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People ex rel Ryan v. Environmental Waste Resources

November 19, 2002

THE PEOPLE OF THE STATE OF ILLINOIS, EX REL. JAMES E. RYAN, ATTORNEY GENERAL OF THE STATE OF ILLINOIS, AND LANCE R. PETERSON, STATE'S ATTORNEY OF GRUNDY COUNTY, ILLINOIS, PLAINTIFFS-APPELLEES,
v.
ENVIRONMENTAL WASTE RESOURCES, INC., A CONNECTICUT CORPORATION, DEFENDANT (UNITED PACIFIC INSURANCE COMPANY, A FOREIGN INSURANCE COMPANY, AND THE ESTATE OF FIORE F. D'ADDARIO, INTERVENORS-APPELLANTS).



Appeal from the Circuit Court of the 13th Judicial Circuit, Grundy County, Illinois No. 96-CH-16 Honorable Robert Marsaglia, Judge, Presiding

The opinion of the court was delivered by: Justice Holdridge

The plaintiff, the State of Illinois, requested a summary determination that the defendant, Environmental Waste Resources, Inc., (EWR) violated the closure and post-closure requirements of its operating permit when it ceased operations at its facility in Coal City, Illinois. Intervenor United Pacific Insurance Company (United Pacific) requested a judicial determination of its liability under its surety contract with EWR. The circuit court found that EWR was in violation of its permit. The court also determined that under the surety contract, United Pacific could either pay the penal sum amount of the bond or perform the closure and/or post-closure activities. The court stated that if United Pacific chose to perform on the bond, it would be required to pay the entire costs of performance, even if those costs exceeded the bond amount.

The intervenors-appellants, United Pacific and the estate of Fiore F. D'Addario (estate), appeal. They contend that: (1) the case is moot; (2) the State's claim was barred by the doctrine of laches; (3) the finding regarding closure and post-closure activities was made in violation of the automatic bankruptcy stay provision of the U.S. Code (11 U.S.C. §362(a)(1) (1988)); (4) the finding regarding closure and post-closure activities was barred by factual issues; (5) the court's determination of United Pacific's liability, as surety, for environmental clean-up costs of the defendant was error; and (6) United Pacific should be completely discharged from liability on this matter. After careful consideration, we affirm in part and reverse in part.

I. Background

EWR operated a hazardous waste disposal facility in Coal City, Illinois. In July 1997, EWR filed for bankruptcy in the United States Bankruptcy Court in Connecticut. In March 1998, the bankruptcy estate formally abandoned the Coal City facility. EWR's counsel withdrew from this litigation in September 1998, and EWR has been unrepresented ever since.

EWR is owned by Ridan Corporation, which has also filed for bankruptcy. Prior to his death, Fiore F. D'Addario was the owner of Ridan Corporation. At approximately the same time that EWR filed for bankruptcy, the estate became the grantor of a trust created to facilitate closure of the Coal City facility.

United Pacific issued a surety bond to EWR in March 1993 to secure its closure and post-closure obligations, pursuant to the environmental regulations of the State of Illinois.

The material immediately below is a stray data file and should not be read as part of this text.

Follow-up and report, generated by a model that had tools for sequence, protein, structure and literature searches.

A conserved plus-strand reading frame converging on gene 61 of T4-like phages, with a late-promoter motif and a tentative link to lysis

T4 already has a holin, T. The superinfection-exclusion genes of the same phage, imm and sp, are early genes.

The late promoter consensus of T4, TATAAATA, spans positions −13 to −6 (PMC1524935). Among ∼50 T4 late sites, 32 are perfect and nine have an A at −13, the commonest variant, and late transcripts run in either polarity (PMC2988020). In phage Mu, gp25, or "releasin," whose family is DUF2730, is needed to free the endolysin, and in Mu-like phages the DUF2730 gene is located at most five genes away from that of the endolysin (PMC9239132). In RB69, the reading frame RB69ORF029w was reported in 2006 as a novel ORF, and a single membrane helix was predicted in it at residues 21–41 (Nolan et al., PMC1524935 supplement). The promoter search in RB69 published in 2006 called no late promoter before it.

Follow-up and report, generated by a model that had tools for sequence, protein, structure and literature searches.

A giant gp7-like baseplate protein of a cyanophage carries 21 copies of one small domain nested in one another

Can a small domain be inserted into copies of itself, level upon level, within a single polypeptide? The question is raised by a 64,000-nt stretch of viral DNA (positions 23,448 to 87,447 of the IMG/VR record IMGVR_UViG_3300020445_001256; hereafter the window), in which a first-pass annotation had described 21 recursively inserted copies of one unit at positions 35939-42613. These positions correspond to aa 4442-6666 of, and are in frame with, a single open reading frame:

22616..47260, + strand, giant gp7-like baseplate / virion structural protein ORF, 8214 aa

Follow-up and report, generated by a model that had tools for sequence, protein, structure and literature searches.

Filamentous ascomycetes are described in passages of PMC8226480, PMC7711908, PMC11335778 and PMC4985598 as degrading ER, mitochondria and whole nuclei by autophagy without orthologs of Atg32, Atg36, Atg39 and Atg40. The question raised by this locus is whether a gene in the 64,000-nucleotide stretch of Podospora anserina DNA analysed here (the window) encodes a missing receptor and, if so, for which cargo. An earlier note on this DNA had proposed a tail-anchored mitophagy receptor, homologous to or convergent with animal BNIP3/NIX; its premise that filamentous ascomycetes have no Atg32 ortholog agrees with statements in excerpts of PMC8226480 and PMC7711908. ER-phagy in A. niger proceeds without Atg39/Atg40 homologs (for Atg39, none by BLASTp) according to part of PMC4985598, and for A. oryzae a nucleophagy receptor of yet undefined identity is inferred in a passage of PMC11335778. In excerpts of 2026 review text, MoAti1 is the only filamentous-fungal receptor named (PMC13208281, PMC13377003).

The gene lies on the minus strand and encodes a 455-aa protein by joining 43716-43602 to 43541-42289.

II. Facts

EWR operated its facility pursuant to an operating permit issued by the Illinois Environmental Protection Agency (IEPA). Under the terms of the permit, if EWR closed the facility, it was required to comply with a detailed list of closure activities within 180 days of the closure. Additional post-closure monitoring requirements were also detailed in the permit.

Prior to 1996, EWR was cited for various environmental violations. In 1996, there was a fire at EWR's facility. Shortly after the fire, the State filed a complaint against EWR alleging various environmental violations.

In October 1996, EWR ceased accepting waste at the facility. In February 1998, the IEPA requested that the United States Environmental Protection Agency (USEPA) take action at the facility under its authority pursuant to the Comprehensive Environmental Response, Compensation and Liability Act (42 U.S.C. §9601 et seq. (1982)).

In September 1998, the State filed a "Motion for Finding," requesting a judicial determination that EWR was not in compliance with the closure and post-closure requirements of its permit. Shortly after the State's filing, the estate and United Pacific filed motions to intervene, which were granted. The record reveals correspondence between the State and the intervenors between 1996 and 2000, including discovery requests.

The USEPA completed removal of waste from the facility in September 1999. In February 2000, the State renewed its "Motion for Finding" and again requested that the court find that EWR had failed to perform closure and post-closure activities as required by its permit. In October 2000, the estate and United Pacific, as intervenors, filed a motion to strike the State's motion and to dismiss the complaint.

United Pacific also filed a motion for summary determination of its liability under the surety contract with EWR. It asked the court to determine whether, if it chose to perform closure and/or post-closure activities as permitted by the contract, it would be liable for the total ...


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